Tel Aviv — ONCE again Israel's ``national unity'' government teeters on the brink of extinction. Once again it will likely be saved by the grace of Shimon Peres. Once again the beneficiary will be Yitzhak Shamir, whose Likud Party ought by now to have reserved a permanent place on its honor roll for Labor's Mr. Peres. The issue this time is Shin Beth's cover-up of an incident in which suspected terrorists were said to have been clubbed to death in Shin Beth custody.
Mr. Shamir and Likud oppose any inquiry, but will accept one with sharply limited jurisdiction. Peres, no more enthusiastic than Shamir, has been pushed by several of his Labor colleagues and constituents into grudging acceptance of an inquiry.
Since the Likud could, along with its religious-party allies, block any Cabinet move for an investigatory body with teeth, the option favored by an apparent Labor majority is for Peres to treat an adverse vote as one of no confidence and seek new general elections.
But Peres is far more inclined to seek a solution the Likud can live with -- perhaps a nonjudicial body armed with a silent mandate to bury vague findings under an avalanche of praise for Shin Beth and dicta about the need to put the nation's security first.
Shamir's situation is clear. A founding member of the pre-statehood Stern gang, a longtime Mossad secret service agent, and a right-wing politician who, according to court documents and other published reports, approved the cover-up in the current case, he has little to gain from an inquiry save carefree retirement.
Peres's position is more complex.
To review, the episode began with an April 12, 1984, bus hijacking near the city of Ashkelon. Of the four Arab terrorists involved, two were killed when Israeli forces stormed the bus and the other two taken into custody.
After interrogation by Army Gen. Yitzhak Mordecai, the two prisoners were turned over to Shin Beth, Israel's internal-security agency which operates primarily in the occupied territories and Arab communities inside Israel.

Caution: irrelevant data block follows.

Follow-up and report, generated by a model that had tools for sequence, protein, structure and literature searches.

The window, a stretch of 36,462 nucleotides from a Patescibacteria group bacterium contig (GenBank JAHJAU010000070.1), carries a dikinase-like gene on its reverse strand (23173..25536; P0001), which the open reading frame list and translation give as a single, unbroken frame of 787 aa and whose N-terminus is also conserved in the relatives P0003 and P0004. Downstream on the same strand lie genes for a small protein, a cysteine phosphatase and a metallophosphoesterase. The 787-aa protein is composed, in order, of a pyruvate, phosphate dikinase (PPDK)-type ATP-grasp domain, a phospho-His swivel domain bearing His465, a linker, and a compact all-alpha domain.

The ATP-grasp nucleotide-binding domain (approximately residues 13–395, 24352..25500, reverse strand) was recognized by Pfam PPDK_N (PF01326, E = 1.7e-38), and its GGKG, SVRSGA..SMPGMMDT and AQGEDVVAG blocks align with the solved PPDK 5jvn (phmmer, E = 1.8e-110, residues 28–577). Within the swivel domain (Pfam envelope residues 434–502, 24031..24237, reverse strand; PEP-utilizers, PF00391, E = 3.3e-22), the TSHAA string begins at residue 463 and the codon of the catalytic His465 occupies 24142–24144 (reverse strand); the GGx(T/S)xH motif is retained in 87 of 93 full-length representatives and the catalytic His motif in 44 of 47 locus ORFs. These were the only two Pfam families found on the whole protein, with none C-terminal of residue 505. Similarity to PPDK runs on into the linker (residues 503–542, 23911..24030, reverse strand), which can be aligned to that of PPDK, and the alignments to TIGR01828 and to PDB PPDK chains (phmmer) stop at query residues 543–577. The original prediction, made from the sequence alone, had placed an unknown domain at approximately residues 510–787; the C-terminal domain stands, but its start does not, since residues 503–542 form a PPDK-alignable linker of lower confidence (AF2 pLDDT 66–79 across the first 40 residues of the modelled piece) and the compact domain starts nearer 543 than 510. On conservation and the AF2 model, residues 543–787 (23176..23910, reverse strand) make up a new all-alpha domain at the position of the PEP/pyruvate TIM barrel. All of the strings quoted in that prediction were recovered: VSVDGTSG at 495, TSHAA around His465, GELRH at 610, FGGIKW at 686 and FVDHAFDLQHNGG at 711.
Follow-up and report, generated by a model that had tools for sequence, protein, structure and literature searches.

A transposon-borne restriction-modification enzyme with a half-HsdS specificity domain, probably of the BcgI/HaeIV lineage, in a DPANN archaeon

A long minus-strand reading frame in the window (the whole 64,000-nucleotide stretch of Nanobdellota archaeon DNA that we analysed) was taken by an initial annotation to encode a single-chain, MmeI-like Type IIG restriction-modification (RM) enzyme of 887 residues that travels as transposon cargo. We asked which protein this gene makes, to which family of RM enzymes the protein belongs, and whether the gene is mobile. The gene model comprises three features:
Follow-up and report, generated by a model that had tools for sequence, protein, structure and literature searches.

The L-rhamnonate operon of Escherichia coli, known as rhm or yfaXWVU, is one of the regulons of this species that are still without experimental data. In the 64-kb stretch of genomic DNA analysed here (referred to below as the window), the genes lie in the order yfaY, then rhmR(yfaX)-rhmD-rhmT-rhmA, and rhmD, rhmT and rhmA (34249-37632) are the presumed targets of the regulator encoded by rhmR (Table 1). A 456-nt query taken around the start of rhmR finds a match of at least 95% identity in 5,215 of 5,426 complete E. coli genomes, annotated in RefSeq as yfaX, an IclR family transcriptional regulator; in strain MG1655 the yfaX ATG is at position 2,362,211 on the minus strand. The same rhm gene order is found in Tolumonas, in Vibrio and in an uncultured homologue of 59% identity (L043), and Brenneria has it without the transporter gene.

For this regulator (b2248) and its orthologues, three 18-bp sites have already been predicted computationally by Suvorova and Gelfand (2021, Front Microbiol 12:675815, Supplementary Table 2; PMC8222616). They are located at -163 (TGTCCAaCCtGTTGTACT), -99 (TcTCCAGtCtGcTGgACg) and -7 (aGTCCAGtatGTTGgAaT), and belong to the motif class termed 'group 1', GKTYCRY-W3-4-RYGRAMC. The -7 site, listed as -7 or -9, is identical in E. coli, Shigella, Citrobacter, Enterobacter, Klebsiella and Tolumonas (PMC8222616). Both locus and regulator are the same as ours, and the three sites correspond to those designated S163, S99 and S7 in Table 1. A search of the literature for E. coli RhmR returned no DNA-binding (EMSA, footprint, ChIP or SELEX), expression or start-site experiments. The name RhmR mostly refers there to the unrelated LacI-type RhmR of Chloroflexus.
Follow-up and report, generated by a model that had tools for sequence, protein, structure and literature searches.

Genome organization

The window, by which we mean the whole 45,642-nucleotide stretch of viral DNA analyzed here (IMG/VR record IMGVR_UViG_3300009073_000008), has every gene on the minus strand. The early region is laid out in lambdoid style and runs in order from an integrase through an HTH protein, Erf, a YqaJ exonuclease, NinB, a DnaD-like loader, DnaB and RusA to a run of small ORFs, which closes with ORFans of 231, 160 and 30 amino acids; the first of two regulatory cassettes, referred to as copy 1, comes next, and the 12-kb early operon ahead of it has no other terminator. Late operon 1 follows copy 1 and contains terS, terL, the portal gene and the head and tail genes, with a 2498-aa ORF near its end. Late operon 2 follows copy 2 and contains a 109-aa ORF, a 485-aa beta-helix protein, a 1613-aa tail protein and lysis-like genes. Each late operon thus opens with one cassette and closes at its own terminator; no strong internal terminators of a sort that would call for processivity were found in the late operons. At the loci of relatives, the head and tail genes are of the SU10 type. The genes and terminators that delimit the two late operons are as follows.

Published reports indicate that while the men were in his custody, Shin Beth director Avrum Shalom allowed them to be clubbed to death.
There followed an obstruction of justice in which the Shin Beth chief and his agents lied about their roles to the minister of defense and at least two specially commissioned investigations.
General Mordecai, ultimately acquitted, was left to confront a military investigation that lasted more than a year, a situation the dean of Tel Aviv University law school called ``an internal Dreyfus affair.''
Shin Beth officials who objected to the cover-up were mercilessly driven out of the service, their careers wrecked by Mr. Shalom.
Peres became prime minister in September 1984, while the cover-up was in full swing. He told the Knesset that in October 1985 he was warned by Shin Beth's then deputy director, Reuven Hazak, that the entire affair ``smelled rotten.''
In reply, Peres expressed fury over being approached nearly 18 months after the hijacking and full confidence in Mr. Shalom, and he suggested that perhaps Mr. Hazak should leave Shin Beth.
Disenchanted Shin Beth officials finally took the matter to Attorney General Yitzhak Zamir, who found a police investigation warranted. Peres fought Mr. Zamir tooth and nail, helping finally to ease him out of government.
In a remark that received far too little attention here, Peres told the Knesset he feared a police inquiry because the defense to criminal charges by Shin Beth officials -- precedent -- would have exposed other secret operations. One wonders, precedent for what? Murdering prisoners? Lying to the Cabinet? Obstructing justice?
In any event, Zamir's successor, Yosef Harish, also urged a criminal or judicial commission inquiry.
To short-circuit this route, Shalom approached President Chaim Herzog offering to trade his resignation for a full pardon for himself and his top three culpable aides. Mr. Herzog agreed, provided the inner Cabinet approved the arrangement. Peres led his colleagues, save Ezer Weizman, in joining a unanimous Likud contingent behind the deal.
But by now top Labor officials, prominent lawyers, and much of the political left were up in arms. They demanded some adherence to the rule of law, even where an agency like Shin Beth, which performs a vital antiterrorism role, is involved.
They urged a judicial commission of inquiry of the sort that had investigated the massacre at the Sabra and Shatila refugee camps, one empowered to find facts and make recommendations even while protecting legitimate security interests. And they wanted to know why Peres had once again placed his rotation agreement with Shamir above the apparent best interests of his party and his society.
Among Mr. Peres's colleagues, a variety of explanations are offered. Some say he knows that the sentiment of the Israeli elite notwithstanding, Shamir and company would do well campaigning as the defenders of the nation's antiterrorism watchdog. Some hold Peres as being so anxious to live down his ``tricky'' image that he will in no case jeopardize October's planned rotation.
Others see in the prime minister an inner weakness and indecisiveness for which even his high intellect cannot compensate.
Finally, many see Peres a creature of his own lengthy background in national-security areas. In this view, despite the yawning ideological gulf between them, when Peres and Shamir talk about Shin Beth, it is just one ``old boy'' to another.
C. Robert Zelnick is chief correspondent for ABC News in Tel Aviv.